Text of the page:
Lessons I’ve Learned in Data Science: Learn to Play the Role of “Translator” for Yourself


As somebody who enjoys using data in my daily work, I’ve come across a bunch of lessons in my journey while working which I didn’t have an opportunity to learn in school. These lessons are vital to grown from to be a good employee.

Lesson 2.Learn to play the role of “translator” for yourself

If you take the time to read the suggested blueprint for companies’ data organizations from McKinsey, it puts a spotlight on the significance of a role called “translator” that must function as a communication bridge between the data science team and the business team by translating analytical insights into actionable ones.

As a data science professional, you probably have been asked by someone who isn’t technically savvy in data science to “provide an explanation of a concept like you are giving that explanation to a kindergartner” or to “put it in simple Eglish”.

Data science professionals who can effectively communicate by translating themselves to non-technically savvy people are appreciated for the these reasons:

  1. It’s difficult to find “translators” from people who are non-analytical. McKinsey attempted to train non-analytical people to be “translators,” but they never succeeded in translating technical info from analytics to non-analytical people. The reason for that is simple: to adequately summarize the main points of complex analyses and properly reflect the caveats, you must have an analytical mind and understand the analytics, which doesn’t happen in a couple of weeks of analytics training. As a data scientist, the time you use trying unsuccessfully to teach an analytics crash course to non-analytical people is probably best used creating your own style of communication and learning to translate yourself to non-analytical people.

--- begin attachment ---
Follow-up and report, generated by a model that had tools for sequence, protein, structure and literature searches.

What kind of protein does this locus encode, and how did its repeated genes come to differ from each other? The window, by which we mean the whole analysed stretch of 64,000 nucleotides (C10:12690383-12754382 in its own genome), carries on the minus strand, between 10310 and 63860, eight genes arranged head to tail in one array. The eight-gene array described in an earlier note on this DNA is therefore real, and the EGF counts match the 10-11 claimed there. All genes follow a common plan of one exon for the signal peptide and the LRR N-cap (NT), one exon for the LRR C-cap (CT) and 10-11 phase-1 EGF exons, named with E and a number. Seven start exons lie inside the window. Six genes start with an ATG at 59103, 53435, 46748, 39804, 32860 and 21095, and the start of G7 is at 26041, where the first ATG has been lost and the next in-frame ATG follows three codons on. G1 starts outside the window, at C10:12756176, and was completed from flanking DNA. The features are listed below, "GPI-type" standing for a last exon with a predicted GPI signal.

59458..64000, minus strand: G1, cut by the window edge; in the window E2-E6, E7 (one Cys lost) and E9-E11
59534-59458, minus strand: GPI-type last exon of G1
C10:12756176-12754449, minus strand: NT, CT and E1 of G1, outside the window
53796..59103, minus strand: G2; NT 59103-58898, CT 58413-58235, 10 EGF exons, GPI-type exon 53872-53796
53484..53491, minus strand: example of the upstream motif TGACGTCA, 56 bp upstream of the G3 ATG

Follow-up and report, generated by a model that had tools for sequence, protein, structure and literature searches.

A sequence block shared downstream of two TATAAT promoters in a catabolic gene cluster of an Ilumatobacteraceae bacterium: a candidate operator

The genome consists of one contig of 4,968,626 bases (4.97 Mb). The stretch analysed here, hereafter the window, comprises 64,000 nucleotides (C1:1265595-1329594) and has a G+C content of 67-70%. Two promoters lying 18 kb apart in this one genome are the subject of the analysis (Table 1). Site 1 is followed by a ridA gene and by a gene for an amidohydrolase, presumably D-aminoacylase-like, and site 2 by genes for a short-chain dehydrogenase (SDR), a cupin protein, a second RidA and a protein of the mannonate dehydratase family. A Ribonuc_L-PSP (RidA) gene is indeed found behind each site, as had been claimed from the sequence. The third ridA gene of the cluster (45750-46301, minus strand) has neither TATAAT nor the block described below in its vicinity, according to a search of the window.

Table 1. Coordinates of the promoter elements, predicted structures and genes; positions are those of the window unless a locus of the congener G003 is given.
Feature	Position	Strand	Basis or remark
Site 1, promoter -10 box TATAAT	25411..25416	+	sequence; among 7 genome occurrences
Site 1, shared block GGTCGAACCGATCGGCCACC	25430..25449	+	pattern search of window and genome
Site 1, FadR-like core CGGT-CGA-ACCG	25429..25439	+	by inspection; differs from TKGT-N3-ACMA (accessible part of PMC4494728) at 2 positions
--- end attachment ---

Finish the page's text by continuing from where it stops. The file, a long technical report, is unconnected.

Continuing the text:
2. A lack of precise detail can be avoided if data scientists learn how to effectively explain the results of their work to non-analytical people: Most people have probably played something referred to as the “telephone” game or some form of it. The longer the info is passed from person to person, the more difficult it will be to maintain precision in the message. Now imagine something like this happening to the results of your analytical work; if you depend on other people to translate your results for you, the message might lose details by the time it gets to the end-user.

The way to put it in practice:

Practice translating yourself to a friend who is not analytically-minded. With this friend, try explaining the result of your model/analysis (avoid disclosing any confidential info). This method is also helpful for discovering gaps in your explanation. If you can’t find a way to explain something in simple terms, it’s typically because you don’t understand the concept/results well yourself.

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